The B.C. government has boosted the financial incentives for businesses and other organizations buying commercial electric vehicles.
This zero-emission bus in Victoria is one of several models made by Vancouver-based GreenPower Motor Co., which could benefit from the provincial government’s recent move to offer higher rebates on commercial electric vehicles
Whether they need a truck, a bus or a bike, organizations thinking about buying electric vehicles (EVs) just got a financial jolt from the provincial government.
Through CleanBC’s revamped Specialty-Use Vehicle Incentive (SUVI) and its Commercial Vehicle Pilot (CVP) program, Victoria aims to encourage B.C. companies to follow local consumers’ lead by switching to EVs. “The interest and the demand seems to be accelerating, so part of what we’re trying to do is push that forward,” says Bruce Ralston, minister of energy, mines and low-carbon innovation.
With Quebec, B.C. leads the country in adoption of passenger electric vehicles, Ralston notes—a fact that won’t surprise anyone who’s seen the swarms of Teslas on Vancouver streets. The province has already met its 2025 goal that 10 percent of all new light-duty cars and trucks sold be EVs, as mandated by the Zero-Emission Vehicles Act (ZEVA) of 2019. Sixty percent of British Columbians are interested in buying an electric vehicle or already own one, according to a recent survey by Vancouver-based consulting firm Strategic Communications and SFU think tank Clean Energy Canada.
How big are the commercial EV incentives? Thanks to $31 million in funding from StrongerBC, the provincial COVID-19 economic recovery plan, SUVI has doubled the maximum rebates available to businesses, local and regional governments, public sector organizations and nonprofits purchasing medium- and heavy-duty EVs. For each eligible vehicle, the government will offset 33 percent of the cost, to a maximum of $100,000—up from the previous $50,000.
Besides medium- and heavy-duty vehicles such as battery electric or hydrogen-fuelled passenger buses, EVs covered by the SUVI rebates include airport and port service vehicles and heavy-duty transport trucks; and smaller vehicles like motorcyles, cargo e-bikes and low-speed utility trucks.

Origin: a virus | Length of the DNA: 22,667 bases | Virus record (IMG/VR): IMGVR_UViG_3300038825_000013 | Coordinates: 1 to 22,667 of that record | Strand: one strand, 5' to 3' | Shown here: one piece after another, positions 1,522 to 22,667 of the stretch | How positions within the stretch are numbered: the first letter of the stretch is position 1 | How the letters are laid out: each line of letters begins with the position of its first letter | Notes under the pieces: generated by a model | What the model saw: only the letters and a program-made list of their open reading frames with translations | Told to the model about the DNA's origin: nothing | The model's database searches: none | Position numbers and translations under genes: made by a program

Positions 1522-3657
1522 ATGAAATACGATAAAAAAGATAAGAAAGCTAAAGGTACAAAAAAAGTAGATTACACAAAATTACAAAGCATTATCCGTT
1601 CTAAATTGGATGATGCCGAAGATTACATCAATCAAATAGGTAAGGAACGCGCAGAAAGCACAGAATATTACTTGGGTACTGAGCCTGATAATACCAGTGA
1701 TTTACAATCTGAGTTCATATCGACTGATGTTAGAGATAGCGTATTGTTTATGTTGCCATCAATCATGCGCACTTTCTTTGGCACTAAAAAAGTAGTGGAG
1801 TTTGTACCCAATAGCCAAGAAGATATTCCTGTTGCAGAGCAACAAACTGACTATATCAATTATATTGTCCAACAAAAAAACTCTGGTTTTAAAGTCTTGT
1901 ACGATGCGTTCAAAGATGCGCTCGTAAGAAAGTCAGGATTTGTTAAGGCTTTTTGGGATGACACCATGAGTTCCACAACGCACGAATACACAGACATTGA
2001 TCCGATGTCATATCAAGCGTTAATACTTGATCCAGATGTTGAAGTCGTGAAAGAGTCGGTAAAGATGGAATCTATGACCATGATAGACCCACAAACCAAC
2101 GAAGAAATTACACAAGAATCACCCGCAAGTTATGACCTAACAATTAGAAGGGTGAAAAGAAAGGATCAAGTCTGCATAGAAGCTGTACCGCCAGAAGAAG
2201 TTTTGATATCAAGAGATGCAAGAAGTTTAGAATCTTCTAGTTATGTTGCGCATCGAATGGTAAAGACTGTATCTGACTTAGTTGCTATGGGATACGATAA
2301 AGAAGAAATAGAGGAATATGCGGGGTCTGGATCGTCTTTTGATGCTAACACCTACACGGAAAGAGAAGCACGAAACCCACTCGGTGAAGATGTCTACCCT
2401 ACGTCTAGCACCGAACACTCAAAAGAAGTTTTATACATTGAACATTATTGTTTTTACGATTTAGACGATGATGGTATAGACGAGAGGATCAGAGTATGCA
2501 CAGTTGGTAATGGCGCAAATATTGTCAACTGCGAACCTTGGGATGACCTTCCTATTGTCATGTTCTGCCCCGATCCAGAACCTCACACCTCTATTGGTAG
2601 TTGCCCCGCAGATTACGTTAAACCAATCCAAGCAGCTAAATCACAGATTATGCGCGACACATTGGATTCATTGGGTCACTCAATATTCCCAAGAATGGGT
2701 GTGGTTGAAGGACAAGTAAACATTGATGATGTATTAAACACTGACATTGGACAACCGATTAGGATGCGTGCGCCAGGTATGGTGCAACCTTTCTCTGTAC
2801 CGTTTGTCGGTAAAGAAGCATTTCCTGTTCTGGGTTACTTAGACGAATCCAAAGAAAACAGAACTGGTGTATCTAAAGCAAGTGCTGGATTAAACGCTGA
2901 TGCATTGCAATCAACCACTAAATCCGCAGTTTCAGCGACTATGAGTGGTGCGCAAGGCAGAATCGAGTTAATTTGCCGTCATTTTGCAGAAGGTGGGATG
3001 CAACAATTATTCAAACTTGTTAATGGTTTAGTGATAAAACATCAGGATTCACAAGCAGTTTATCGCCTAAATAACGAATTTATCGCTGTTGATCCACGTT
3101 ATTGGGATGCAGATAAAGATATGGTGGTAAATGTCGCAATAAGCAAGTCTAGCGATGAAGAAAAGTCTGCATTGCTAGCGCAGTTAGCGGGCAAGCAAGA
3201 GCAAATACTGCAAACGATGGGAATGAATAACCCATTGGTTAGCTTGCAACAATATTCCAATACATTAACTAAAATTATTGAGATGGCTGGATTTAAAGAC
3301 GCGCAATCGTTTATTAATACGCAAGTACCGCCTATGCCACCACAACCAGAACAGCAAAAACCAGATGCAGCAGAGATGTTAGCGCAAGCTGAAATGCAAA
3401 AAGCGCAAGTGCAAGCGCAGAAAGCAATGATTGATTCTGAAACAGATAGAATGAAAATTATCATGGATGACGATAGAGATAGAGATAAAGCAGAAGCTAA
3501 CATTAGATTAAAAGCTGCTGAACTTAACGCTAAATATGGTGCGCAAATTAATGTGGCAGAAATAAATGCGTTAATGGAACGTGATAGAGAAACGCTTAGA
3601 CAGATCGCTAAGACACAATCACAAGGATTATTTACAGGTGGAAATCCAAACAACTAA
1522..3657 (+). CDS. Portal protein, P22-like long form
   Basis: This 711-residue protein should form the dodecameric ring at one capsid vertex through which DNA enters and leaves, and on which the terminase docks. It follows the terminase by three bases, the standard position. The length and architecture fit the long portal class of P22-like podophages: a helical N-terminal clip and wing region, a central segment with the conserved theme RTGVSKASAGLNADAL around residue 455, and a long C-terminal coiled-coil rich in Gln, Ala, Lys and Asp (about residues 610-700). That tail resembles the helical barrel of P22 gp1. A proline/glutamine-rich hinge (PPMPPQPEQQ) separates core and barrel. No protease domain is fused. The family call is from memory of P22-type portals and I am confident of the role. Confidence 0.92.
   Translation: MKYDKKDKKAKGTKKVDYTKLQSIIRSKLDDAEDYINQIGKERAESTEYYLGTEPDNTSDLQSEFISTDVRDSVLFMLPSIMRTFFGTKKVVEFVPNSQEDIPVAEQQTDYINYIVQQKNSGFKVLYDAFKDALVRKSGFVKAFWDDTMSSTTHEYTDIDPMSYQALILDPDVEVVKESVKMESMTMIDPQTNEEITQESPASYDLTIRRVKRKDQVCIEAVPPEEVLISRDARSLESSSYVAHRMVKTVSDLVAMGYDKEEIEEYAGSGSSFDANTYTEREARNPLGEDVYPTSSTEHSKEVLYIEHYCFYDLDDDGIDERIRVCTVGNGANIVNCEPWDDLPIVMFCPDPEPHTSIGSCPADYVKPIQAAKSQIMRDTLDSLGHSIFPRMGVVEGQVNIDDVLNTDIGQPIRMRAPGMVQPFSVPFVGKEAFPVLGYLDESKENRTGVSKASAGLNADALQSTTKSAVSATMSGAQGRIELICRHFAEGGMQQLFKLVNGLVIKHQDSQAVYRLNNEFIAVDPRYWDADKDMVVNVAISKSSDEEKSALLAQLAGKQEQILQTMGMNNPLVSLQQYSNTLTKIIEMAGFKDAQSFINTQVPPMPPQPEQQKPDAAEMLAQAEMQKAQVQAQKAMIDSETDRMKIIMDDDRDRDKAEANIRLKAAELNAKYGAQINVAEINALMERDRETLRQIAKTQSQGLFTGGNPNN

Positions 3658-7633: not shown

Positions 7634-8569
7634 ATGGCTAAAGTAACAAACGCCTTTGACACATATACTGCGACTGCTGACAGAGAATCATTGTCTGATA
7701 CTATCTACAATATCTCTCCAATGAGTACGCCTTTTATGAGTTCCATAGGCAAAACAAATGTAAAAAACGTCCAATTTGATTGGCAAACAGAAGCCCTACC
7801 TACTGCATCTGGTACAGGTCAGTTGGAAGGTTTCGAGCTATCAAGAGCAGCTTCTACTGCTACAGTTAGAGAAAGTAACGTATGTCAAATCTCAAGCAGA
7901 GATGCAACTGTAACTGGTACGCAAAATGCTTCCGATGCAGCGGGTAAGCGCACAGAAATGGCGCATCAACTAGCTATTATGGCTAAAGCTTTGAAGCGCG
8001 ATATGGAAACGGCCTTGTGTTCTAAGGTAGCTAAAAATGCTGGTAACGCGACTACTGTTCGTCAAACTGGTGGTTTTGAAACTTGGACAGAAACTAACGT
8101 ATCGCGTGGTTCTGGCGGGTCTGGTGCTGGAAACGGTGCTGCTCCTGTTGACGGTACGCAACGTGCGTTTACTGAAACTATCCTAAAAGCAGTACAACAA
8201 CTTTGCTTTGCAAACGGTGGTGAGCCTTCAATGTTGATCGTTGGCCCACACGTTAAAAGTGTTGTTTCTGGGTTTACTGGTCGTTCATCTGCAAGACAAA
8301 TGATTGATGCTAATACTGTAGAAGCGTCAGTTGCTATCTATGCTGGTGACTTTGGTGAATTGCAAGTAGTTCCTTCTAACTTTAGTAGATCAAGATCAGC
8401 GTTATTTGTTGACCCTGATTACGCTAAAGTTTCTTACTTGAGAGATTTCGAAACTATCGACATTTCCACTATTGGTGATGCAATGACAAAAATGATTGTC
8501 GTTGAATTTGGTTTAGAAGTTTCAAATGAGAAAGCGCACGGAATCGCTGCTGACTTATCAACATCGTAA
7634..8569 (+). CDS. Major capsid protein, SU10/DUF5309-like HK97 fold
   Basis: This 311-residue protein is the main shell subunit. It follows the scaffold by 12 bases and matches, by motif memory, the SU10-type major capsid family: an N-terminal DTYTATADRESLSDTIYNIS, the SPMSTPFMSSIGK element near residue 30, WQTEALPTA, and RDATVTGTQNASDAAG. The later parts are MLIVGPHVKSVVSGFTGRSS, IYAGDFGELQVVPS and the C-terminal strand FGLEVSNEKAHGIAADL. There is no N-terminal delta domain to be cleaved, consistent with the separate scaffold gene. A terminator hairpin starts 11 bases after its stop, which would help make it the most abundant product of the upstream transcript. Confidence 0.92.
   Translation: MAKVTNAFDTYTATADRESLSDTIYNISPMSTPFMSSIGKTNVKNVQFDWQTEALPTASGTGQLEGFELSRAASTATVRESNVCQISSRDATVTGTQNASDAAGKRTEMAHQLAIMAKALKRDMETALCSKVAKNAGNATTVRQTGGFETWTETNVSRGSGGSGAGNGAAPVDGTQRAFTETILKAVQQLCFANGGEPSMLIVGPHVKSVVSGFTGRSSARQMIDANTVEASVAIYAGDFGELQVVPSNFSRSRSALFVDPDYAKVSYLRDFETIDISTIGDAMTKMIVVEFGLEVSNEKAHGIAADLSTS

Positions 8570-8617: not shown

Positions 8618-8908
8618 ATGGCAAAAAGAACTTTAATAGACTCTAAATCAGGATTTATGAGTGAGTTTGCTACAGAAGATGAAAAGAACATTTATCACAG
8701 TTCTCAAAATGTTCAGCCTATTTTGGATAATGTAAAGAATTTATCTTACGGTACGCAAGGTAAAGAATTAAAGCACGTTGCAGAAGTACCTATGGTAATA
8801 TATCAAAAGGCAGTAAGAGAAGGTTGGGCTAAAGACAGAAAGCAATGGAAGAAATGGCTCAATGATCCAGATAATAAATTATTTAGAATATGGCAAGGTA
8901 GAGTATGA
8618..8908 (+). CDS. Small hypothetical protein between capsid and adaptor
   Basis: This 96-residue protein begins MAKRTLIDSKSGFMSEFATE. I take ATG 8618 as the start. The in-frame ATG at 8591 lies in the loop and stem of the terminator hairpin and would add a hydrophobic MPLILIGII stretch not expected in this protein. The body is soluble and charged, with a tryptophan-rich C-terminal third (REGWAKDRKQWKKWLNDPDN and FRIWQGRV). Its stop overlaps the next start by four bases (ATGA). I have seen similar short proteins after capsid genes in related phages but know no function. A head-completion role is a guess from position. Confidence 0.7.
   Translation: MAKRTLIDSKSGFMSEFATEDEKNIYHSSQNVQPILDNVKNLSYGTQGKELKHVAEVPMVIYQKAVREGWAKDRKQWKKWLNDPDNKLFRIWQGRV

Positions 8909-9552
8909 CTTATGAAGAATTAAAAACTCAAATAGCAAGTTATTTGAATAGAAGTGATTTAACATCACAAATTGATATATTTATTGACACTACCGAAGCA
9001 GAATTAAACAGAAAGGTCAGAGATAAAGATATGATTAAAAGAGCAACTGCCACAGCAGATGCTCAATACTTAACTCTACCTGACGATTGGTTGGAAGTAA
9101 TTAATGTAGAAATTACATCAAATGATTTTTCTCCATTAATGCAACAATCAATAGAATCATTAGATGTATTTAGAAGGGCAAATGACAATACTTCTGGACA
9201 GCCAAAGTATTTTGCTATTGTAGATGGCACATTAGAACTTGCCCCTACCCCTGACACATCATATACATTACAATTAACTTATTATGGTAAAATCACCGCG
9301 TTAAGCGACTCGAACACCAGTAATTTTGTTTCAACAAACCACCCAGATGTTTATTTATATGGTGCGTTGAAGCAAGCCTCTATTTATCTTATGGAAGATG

Businesses, which can cut fuel and maintenance costs by going electric, have a big role to play in shrinking carbon emissions. As Ralston points out, commercial vehicles account for 60 percent of emissions from transportation in B.C. and 22 percent of the provincial total. “If we’re going to get to our emissions reduction goals, we’ve got to do something in this sector.”
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Besides promoting EV use, the rebates will help the burgeoning B.C. commercial electric vehicle industry, Ralston says. Two local players are Vancouver-headquartered bus maker GreenPower Motor Co. and Parksville-based Canadian Electric Vehicles, whose main product is what it calls a ruggedized light-utility low-speed vehicle (LSV) truck.
Companies in the province’s ailing tourism sector, including restaurants and other hospitality outfits, are eligible for rebates worth 66 percent of the cost of a medium- or heavy-duty vehicle, up to a maximum of $100,000. Tourism businesses might not be able to afford a new EV right now, Ralston admits. “But when they begin to look at recovery, then there’s an opportunity to do that and to save some money.”
The CVP program gives organizations access to $11 million to support piloting unique or major deployments of medium- and heavy-duty or very large EVs for uses such as domestic air, marine or rail transportation. Rebates for vehicles and charging or refuelling infrastructure cover as much as 33 percent of the cost, up to $100,000.
Although EVs have made little headway in the commercial vehicle market so far, many companies are talking about them, observes Ralston, adding that General Motors Co. recently announced an electric delivery van. “So the market is turning,” he says. “We just want to get in front of it and encourage that. And I think the other thing is that as people are interested in buying, it will stimulate demand.”
You can find more details on CleanBC’s Go Electric program here.